I re-read Louis Sachar's There's a Boy in the Girls' Bathroom again yesterday. It's a lovely book about 5th grader Bradley Chalkers. As the book opens, everyone in his class (including the teacher) dislikes Bradley. He sits on his own in class, he doesn't pay attention in class, he doesn't do his homework, he cuts up his test papers and sticky tapes them to other bits of junk in his desk. He's aggressive and unfriendly. Then one day, two new people arrive at Bradley's school: Jeff Fishkin, a new 5th grader who is obliged to sit next to Bradley. Jeff is a friendly boy who automatically says "Hello" to people who say "Hello" to him, and he tries to befriend Bradley. The other new person in school is Carla Davis, the school counsellor. She meets with Jeff (because he's new) and with Bradley (because no one knows what to do with him). She has the best line in the book: "I won't tell you what to do. All I can do is help you to think for yourself.". Unfortunately this is going to prove to be a difficult stance for Carla to maintain after various parents misinterpret her ideas - one even tells Carla that it's not necessary to keep promises to children after Carla refuses to repeat to a parent what one of the children had told her, because she had promised she would not tell anyone else. (An attitude - the parent's, not Carla's - I found absolutely strange !)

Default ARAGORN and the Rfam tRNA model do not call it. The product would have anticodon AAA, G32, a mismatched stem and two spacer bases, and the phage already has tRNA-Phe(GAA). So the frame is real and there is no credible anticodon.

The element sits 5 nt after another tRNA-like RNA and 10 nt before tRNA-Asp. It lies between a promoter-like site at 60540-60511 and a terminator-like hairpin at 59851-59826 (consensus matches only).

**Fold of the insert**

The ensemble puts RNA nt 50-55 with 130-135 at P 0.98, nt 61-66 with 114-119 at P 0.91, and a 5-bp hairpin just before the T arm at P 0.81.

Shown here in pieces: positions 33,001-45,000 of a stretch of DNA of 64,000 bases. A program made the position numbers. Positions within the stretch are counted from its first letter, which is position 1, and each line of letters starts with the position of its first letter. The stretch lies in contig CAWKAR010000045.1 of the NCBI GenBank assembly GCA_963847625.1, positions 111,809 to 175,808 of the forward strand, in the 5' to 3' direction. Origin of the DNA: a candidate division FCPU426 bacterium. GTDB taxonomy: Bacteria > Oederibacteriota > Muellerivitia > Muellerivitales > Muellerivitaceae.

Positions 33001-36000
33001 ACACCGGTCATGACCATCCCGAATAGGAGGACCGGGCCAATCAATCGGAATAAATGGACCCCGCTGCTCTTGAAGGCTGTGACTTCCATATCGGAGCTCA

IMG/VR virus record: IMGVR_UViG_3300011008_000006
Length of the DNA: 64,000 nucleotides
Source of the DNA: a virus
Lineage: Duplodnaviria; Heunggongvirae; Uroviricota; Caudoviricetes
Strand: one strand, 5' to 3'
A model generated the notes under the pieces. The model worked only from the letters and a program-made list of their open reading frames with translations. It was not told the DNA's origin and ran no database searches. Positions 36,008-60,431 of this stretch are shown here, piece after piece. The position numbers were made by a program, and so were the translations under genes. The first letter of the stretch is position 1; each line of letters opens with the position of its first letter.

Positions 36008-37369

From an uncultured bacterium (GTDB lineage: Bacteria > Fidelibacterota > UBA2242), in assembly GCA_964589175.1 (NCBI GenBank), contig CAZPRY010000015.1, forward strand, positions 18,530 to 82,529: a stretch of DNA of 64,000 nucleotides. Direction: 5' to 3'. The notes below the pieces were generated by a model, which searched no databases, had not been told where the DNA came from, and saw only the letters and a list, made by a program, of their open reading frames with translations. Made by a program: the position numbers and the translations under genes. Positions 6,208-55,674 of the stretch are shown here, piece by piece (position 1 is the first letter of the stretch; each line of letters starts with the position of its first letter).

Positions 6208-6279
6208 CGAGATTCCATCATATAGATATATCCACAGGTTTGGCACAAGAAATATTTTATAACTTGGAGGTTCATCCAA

Each time Bradley visits Carla, she greets him with the words "Hello, Bradley. It's a pleasure to see you today. I appreciate you coming to see me." Eventually, between the efforts of Carla and Jeff, Bradley starts to become both a better person and a better student. The big breakthrough comes when he and Jeff are invited to a birthday party by one of the girl's in class. Unfortunately, just before Bradley goes to the party, Carla is asked to leave the school, because of the objections parents have to her working with their children, and this causes Bradley to panic that he'll turn back into the horrible person he used to be. Carla does her best to persuade him this won't happen - and fortunately she's right.
Despite the fact that Bradley's a fairly unsympathetic character for much of the book, I did like him; I felt sorry for him and I wanted people to find the good in him, so the book was very satisfying in that respect.
I also liked Carla a lot - I loved the fact that she respects the children with whom she deals, and I really loved the way she loaned her books to children: she lends Bradley Uriah C Lasso's My Parents Didn't Steal an Elephant (which unfortunately doesn't appear to be a real book) and she lends Colleen (the girl who invites Bradley to her birthday party the very real Raise High the Roof Beam, Carpenters by J D Salinger. This books is very much a book about the power of friendship, but it's also a book about the value of reading and learning to think for oneself. I recommend it heartily.